The threat of regulatory investigations and inquiries, criminal penalties, along with anti-corruption legislation, are among the top concerns for directors and officers according to a new survey conducted by Willis Group Holdings, the global risk adviser and insurance broker, and international law firm, Allen & Overy.
More than one in four respondents to the survey – which polled the views of 120 individuals from public and private sector organizations, mostly in the UK – had experienced a claim or investigation involving a director within their company. Worryingly, more than a third of respondents were unaware of the personal exposure of directors to antitrust enforcement.
Similarly, three out of ten respondents did not realize that directors face personal exposure to sanctions penalties, and nearly four out of ten non-executive directors questioned were unaware of sanctions risks.
According to the poll, which is in its second year, the top five risks to directors and officers are: regulatory and other investigations and inquiries (89 percent of respondents indicated this), criminal and regulatory fines and penalties (69 percent), anti-corruption legislation – including the Bribery Act – (58 percent), securities and/or shareholder claims (51 percent), and the risk of being sued abroad (50 percent).
When it comes to directors’ and officers’ (D&O) insurance, directors are concerned that there should be clear and easy-to-follow policy terms; that the cost of advice at the early stages of an investigation should be covered; and that D&O policies should coordinate with and complement their company’s indemnifications obligations.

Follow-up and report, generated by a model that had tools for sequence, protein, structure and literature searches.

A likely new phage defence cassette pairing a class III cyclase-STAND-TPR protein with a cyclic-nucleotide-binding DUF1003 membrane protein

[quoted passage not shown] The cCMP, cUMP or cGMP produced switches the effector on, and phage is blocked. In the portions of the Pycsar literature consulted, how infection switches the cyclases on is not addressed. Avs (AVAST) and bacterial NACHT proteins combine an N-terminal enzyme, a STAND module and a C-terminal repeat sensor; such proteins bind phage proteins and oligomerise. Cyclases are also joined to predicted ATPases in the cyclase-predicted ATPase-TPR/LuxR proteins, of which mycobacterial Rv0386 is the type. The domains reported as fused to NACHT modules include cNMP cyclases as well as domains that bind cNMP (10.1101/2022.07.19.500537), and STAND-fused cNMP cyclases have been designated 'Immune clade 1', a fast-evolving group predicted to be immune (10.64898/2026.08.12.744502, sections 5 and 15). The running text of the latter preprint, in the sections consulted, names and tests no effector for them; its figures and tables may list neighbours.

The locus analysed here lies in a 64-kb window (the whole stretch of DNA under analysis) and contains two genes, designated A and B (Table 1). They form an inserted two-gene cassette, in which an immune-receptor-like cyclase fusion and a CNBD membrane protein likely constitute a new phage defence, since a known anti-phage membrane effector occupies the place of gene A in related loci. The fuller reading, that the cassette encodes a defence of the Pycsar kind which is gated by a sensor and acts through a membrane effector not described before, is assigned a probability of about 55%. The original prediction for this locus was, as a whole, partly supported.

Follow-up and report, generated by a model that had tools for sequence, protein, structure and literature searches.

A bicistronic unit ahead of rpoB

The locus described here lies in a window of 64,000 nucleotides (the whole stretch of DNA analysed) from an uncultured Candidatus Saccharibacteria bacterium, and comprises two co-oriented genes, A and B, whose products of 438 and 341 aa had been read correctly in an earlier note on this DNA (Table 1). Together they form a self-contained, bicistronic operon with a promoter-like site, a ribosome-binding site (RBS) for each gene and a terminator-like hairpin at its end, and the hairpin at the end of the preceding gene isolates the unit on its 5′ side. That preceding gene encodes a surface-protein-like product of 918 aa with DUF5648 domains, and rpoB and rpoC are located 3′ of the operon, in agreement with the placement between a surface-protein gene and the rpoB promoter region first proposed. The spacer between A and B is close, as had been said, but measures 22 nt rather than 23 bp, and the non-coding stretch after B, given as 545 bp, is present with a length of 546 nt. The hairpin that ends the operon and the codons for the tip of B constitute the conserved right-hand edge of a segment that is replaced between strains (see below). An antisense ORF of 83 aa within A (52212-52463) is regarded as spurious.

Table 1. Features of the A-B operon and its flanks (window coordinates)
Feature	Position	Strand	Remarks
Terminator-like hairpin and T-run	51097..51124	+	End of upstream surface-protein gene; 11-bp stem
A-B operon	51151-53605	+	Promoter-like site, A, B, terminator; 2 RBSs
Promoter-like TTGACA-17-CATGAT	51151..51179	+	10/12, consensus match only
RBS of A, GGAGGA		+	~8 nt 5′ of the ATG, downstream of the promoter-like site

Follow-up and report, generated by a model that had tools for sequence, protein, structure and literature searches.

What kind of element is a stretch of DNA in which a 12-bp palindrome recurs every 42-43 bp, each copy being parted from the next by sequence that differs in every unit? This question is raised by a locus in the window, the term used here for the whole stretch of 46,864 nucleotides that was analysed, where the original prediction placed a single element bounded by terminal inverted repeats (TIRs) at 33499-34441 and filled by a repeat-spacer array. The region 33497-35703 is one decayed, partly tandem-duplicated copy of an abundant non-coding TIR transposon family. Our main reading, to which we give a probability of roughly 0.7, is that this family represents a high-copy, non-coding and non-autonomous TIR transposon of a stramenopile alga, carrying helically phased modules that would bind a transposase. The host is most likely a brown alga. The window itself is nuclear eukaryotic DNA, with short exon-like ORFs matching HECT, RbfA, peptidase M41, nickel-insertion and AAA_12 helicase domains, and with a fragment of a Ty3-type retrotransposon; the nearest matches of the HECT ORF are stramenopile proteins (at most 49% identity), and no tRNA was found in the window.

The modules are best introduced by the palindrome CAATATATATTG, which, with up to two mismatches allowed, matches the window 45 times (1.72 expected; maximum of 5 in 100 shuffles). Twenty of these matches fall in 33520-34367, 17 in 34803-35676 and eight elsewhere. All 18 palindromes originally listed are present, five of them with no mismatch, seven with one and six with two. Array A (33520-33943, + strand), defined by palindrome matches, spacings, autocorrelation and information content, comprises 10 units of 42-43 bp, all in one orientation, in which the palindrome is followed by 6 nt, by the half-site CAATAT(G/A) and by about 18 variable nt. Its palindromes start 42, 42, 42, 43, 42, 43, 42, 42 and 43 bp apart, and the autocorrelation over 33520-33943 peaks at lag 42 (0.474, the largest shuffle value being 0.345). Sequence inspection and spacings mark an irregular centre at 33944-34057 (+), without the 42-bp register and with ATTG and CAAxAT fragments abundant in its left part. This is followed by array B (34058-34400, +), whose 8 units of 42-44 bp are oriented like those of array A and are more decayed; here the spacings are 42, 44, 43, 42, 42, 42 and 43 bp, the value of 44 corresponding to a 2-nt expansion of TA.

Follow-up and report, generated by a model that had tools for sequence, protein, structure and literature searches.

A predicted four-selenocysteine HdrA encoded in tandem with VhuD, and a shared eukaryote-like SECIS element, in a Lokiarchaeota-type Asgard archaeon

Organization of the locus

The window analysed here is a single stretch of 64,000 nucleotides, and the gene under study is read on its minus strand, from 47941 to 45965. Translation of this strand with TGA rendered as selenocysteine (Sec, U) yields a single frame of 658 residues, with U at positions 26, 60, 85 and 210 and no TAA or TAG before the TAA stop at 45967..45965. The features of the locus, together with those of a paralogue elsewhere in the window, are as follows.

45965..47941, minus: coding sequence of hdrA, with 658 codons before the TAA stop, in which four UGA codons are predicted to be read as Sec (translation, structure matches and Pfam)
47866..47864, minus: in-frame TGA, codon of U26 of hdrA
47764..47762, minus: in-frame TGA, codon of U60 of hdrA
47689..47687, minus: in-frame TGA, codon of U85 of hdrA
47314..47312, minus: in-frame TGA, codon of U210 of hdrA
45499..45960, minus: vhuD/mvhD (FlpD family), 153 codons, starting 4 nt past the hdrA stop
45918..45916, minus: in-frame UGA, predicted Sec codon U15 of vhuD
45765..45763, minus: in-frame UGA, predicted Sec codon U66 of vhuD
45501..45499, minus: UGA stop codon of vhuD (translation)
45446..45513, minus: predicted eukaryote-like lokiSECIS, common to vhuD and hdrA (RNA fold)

Andrew Barton, counsel at Allen & Overy, commented: “Directors and high-ranking officers in public and privately-held corporations are under scrutiny like never before as they conduct business in an increasingly regulated and complex global business environment. As regulatory authorities have responded to public and shareholder pressure in the wake of the credit crisis with more rules, heightened vigilance and tougher enforcement powers, corporate leaders find themselves exposed to even greater risks on a daily basis in going about their roles.”
Francis Kean, executive director in Willis’s Financial and Executive Risks practice, commented: “Against the current backdrop, the importance of directors’ and officers’ (D&O) liability insurance, and corporate director indemnification, has moved up the agenda. These mechanisms allow businesses to offer their leaders a degree of protection and assistance should they find themselves embroiled in civil, regulatory or criminal actions, and thereby help allay the fears of board members so that they can focus on performing their key functions.”
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